Corticosteroids, TNF Antagonists and Outcomes from COVID-19 with IBD

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To characterize the clinical course of COVID-19 among patients with IBD and evaluate the association among demographics, clinical characteristics and immunosuppressant treatments on COVID-19 outcomes, study was carried out. Surveillance epidemiology of coronavirus under research exclusion for inflammatory bowel disease (SECURE-IBD), is a large international registry created to monitor outcomes of patients with IBD with confirmed COVID-19. Calculation of the age/standardized mortality ratios was carried out using multivariable logistic regression to identify factors associated with severe COVID-19, defined as intensive care unit admission, ventilator use and/or death.

A total of 525 cases from 33 countries were reported (median age 43 years, 53% men); 37 patients had severe COVID-19; 161 (31%) were hospitalized and 16 patients died (3% case fatality rate). Standardized mortality ratios for patients with IBD were 1.8, 1.5, and 1.7, relative to data from China, Italy and the United States, respectively. Risk factors for severe COVID-19 among patients with IBD included increased age (AOR 1.04), greater than 2 comorbidities (AOR 2.9), systemic corticosteroids (AOR 6.9), and sulfasalazine or 5-aminosalicylate use (AOR 3.1). Tumor necrosis factor antagonist treatment was not associated with severe COVID-19 (AOR 0.9).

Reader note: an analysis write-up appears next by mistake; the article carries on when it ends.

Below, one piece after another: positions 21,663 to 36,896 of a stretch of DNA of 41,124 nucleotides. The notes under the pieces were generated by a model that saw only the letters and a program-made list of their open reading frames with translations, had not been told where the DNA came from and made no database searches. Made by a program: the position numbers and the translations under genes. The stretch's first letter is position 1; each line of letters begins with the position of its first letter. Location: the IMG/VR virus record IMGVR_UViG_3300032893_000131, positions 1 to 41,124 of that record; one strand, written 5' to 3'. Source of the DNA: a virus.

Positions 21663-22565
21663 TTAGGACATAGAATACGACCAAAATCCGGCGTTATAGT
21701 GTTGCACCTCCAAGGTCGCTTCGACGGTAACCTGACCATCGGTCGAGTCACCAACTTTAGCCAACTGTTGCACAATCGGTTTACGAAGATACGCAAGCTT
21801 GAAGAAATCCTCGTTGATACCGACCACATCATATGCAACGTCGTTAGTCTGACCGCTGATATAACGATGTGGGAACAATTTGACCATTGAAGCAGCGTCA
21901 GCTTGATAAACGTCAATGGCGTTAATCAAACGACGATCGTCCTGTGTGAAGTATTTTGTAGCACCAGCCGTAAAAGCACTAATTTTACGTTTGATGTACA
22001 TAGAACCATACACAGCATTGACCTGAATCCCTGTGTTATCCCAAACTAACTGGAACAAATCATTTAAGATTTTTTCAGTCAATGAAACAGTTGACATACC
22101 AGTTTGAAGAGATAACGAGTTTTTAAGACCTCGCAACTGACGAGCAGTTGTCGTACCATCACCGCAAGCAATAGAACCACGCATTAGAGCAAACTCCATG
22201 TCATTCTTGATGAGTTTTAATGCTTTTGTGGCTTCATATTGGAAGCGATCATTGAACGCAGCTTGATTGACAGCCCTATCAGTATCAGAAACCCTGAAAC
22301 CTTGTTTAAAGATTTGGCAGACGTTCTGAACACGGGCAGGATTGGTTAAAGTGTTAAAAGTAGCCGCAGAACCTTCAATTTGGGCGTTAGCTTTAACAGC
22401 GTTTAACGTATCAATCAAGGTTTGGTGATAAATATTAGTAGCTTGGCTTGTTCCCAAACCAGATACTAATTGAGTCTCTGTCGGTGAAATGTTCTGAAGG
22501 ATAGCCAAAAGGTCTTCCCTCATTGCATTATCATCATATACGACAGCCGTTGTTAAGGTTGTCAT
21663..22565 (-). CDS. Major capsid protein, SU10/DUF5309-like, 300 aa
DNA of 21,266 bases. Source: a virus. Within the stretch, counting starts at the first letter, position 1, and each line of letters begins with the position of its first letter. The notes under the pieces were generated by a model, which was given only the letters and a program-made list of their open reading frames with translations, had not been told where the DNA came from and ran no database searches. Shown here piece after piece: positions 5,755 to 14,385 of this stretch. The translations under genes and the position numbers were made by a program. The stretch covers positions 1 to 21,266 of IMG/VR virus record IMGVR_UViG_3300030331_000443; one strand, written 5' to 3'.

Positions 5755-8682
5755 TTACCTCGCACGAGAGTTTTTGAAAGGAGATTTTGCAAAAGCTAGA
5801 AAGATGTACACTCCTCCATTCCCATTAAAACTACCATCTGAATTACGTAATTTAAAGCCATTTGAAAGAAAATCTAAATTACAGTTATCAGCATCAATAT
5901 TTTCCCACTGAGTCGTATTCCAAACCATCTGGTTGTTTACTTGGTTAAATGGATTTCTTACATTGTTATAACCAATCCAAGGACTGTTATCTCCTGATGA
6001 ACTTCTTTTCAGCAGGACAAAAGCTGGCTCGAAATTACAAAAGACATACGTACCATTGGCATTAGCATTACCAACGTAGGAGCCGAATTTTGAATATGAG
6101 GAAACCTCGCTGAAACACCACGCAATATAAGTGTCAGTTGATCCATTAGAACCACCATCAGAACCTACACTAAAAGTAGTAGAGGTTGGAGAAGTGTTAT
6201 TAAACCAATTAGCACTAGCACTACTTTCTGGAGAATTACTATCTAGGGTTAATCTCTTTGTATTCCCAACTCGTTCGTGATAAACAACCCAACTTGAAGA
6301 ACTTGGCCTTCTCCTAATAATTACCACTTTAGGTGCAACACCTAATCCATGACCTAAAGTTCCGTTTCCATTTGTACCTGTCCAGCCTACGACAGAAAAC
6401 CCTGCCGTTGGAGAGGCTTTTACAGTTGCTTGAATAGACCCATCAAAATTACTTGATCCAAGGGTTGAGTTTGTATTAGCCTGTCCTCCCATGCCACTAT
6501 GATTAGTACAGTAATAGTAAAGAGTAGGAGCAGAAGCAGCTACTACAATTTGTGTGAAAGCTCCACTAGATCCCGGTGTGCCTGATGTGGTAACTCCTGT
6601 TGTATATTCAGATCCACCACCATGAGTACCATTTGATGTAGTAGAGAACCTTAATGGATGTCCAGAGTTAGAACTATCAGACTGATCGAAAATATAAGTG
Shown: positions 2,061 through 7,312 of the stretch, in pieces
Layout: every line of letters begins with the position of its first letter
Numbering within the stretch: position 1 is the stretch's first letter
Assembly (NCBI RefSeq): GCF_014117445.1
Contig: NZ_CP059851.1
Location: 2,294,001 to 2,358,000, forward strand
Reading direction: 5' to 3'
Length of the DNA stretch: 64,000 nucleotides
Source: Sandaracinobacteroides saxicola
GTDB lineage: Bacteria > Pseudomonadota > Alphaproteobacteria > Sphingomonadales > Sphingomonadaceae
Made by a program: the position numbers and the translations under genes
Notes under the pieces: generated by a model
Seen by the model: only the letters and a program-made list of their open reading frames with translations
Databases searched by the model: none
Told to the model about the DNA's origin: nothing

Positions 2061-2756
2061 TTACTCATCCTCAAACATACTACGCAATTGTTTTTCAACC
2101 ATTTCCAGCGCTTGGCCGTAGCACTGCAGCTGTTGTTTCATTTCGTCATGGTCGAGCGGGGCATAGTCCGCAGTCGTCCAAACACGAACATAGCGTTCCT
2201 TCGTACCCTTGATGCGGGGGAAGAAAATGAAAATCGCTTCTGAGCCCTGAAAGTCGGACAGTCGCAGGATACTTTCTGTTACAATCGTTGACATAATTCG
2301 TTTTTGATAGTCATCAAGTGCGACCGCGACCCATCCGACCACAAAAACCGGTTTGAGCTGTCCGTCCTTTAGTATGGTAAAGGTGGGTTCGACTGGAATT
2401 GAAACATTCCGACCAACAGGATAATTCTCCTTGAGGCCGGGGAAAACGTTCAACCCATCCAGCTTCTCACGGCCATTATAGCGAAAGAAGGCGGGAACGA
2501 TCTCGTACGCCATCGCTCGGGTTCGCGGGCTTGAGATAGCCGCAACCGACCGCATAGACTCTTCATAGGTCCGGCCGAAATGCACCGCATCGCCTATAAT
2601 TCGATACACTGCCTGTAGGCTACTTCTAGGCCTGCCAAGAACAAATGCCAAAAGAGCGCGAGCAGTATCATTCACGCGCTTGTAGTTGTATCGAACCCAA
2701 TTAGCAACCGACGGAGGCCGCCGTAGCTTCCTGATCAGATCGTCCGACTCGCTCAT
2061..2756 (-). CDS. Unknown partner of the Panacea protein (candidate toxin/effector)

It was concluded that increasing age, comorbidities and corticosteroids are associated with severe COVID-19 among patients with IBD, although a causal relationship cannot be definitively established. Notably, TNF antagonists do not appear to be associated with severe COVID-19.

Brenner, E., Ungaro, R., Gearry, R., et al. “Corticosteroids, But Not TNF Antagonists are Associated with Adverse COVID-19 Outcomes in Patients with Inflammatory Bowel Diseases: Results from an International Registry.” Gastroenterology 2020; Vol. 159, pp. 481-491.

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